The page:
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By Gloria Borger, CNN Chief Political Analyst
Editor's note: Gloria Borger is CNN's chief political analyst, appearing regularly on shows such as "AC360˚" "The Situation Room," "John King, USA" and "State of the Union."
(CNN) - There are plenty of ways to game the upcoming Supreme Court decision on health care reform, and they've all been said: President Obama loses in court, he wins with his base. Or it's a severe blow, potentially fatal. Or Republicans benefit if they win, because they were "right" all along. Or the GOP loses, because it has to figure out what to offer for health care instead.
And so it goes.
But there's something else going on here, and it's more meaningful than some short-term political skirmishing. This Supreme Court case is the Waterloo for political polarization, because it underscores something we should have known all along: Great changes in national public policy should never be erected on slender partisan majorities.
Our country needs a complete fixing and this band of idiots we have in office have got to be voted out,and that goes for cities,counties,states, and definitly the feds.Get out and vote people.Our country in in big trouble.We can change it as a group.Go USA.Jim Thomas Phx.Az.
Medical coverage should be the right of a US citizen. I am a Vet of 44 years and I get VA service connected disability, but not all Veteran can qualify even if they have done 4 tours in war, congress has never fix it for all Vets. The insurance company do not want Obama care so they have lobby the GOP and the Tea party, knowing full well they have no intentions of helping the middle or poor class have medical coverage. Just look how they want to do away with Medicare. Just stop and think if they allow all Vets to have VA medical coverage and have the spouse join medicare in the long run this country would save money, But they like to fill their pockets with insurance company money including the supreme court GOP judges.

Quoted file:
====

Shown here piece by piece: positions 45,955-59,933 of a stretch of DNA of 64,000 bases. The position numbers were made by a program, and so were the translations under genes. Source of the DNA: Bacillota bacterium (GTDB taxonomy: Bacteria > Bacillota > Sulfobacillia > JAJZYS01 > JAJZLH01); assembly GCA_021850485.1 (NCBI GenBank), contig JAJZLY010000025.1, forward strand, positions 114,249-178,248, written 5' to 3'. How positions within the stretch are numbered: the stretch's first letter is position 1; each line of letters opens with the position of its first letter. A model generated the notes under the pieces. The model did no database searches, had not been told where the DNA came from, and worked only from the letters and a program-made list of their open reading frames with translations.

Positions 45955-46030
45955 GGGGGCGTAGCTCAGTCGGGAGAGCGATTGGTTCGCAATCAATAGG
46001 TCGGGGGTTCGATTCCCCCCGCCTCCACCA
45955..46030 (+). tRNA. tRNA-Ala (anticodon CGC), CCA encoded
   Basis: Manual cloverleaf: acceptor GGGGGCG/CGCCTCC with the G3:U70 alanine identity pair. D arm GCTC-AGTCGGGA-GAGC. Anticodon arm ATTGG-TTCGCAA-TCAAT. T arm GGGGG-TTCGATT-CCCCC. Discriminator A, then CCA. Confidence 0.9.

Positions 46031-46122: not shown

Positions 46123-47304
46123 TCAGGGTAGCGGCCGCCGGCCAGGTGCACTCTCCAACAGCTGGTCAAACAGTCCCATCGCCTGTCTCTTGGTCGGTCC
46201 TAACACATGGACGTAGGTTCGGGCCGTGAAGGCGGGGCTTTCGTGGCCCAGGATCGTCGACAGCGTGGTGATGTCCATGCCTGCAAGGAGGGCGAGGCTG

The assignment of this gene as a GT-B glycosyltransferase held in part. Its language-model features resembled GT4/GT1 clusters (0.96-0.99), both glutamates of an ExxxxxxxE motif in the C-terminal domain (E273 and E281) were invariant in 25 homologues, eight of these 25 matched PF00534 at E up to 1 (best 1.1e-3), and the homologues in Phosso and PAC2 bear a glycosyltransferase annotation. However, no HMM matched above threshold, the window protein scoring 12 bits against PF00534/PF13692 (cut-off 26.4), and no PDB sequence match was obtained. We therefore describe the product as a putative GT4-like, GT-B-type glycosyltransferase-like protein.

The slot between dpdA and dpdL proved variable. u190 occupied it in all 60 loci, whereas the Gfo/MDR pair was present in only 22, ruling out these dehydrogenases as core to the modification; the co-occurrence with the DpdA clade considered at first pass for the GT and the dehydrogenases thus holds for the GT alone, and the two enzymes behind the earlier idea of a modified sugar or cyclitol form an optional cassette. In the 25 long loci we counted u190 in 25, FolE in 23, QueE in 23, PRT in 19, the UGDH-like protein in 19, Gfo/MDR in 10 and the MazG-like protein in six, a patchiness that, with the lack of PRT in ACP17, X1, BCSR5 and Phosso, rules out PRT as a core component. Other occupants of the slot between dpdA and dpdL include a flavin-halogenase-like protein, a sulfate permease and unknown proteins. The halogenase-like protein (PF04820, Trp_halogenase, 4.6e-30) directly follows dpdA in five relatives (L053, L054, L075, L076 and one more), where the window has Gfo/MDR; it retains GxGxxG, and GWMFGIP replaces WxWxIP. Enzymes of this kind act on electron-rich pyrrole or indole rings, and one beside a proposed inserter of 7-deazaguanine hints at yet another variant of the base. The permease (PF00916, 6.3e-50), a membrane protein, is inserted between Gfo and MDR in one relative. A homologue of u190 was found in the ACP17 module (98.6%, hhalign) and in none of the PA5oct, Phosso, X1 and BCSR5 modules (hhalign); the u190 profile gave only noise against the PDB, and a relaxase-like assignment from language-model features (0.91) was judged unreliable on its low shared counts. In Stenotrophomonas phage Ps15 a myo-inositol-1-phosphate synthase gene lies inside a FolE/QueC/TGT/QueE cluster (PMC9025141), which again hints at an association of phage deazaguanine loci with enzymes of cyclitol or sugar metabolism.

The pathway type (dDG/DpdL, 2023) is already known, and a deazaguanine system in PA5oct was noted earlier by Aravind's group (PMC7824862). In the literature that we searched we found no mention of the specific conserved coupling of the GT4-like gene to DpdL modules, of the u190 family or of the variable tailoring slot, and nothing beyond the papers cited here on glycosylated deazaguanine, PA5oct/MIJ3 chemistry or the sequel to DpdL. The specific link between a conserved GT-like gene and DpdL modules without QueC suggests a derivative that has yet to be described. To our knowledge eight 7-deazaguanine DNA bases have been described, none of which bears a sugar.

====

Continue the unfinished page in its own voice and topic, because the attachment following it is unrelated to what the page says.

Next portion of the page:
Considering that Obama got zero votes on his last proposed budget, not a single Democrat voted for it, tells me that Obama is the real problem. Not Democrats or Republicans, it's Obama. If he were to lose the election and Mitt Romney were to win, you would see Romney reach across the aisle to work with Democrats to get things done. Obama can't even get Democrats to go along with his schemes knowing that they would have to defend them in their own re-elections back home. They don't get the main stream media support that Obama gets and they sure don't want him coming to their home towns to campaign for them.
Let's talk about health care......1960, 1970, 1980, 1990, 2000, 2010....on and on.
Today I am a little upset with the whole thing.
Reason: Today I found out that one of my good friends passed away. Kay was 70+ and still working at Walmart in Mount Vernon, Illinois. I once asked her why she was still working. She said, "Beacuse of the health insurance".
Without the insurance she could not afford her medical and medication bills. She passed this last Monday. She worked right up to the very end. Americans should not have to suffer this. I feel so sorry that Kay didn't have some retirement time, to enjoy her life and her family.
Assuming that the last sentence above "Great changes in national policy should never be (enacted) on slender partisan majorities" refers to the Supreme Court, is the question then – when the Court would split 5-4 on such policy matters they should let stand Congressional action? If so, no matter how wise that might be – take Brown v Board of Education of Topeka (1954) which overturned Plessy v Ferguson (1896) with a 9-0 vote, that concept is not contemplated in our Constitution. In "Brown", the Justices were moved not by partisanship and party ideologies but what, in their opinion, was best for our country pursuant to our Constitution. Every Supreme Court should be followed by such principle.
The health care law represents a major test for non-partisan impartial decision by our Supreme Court. The integrity of the Court, already stained by prior decisions is what is at stake on the health care law decision.
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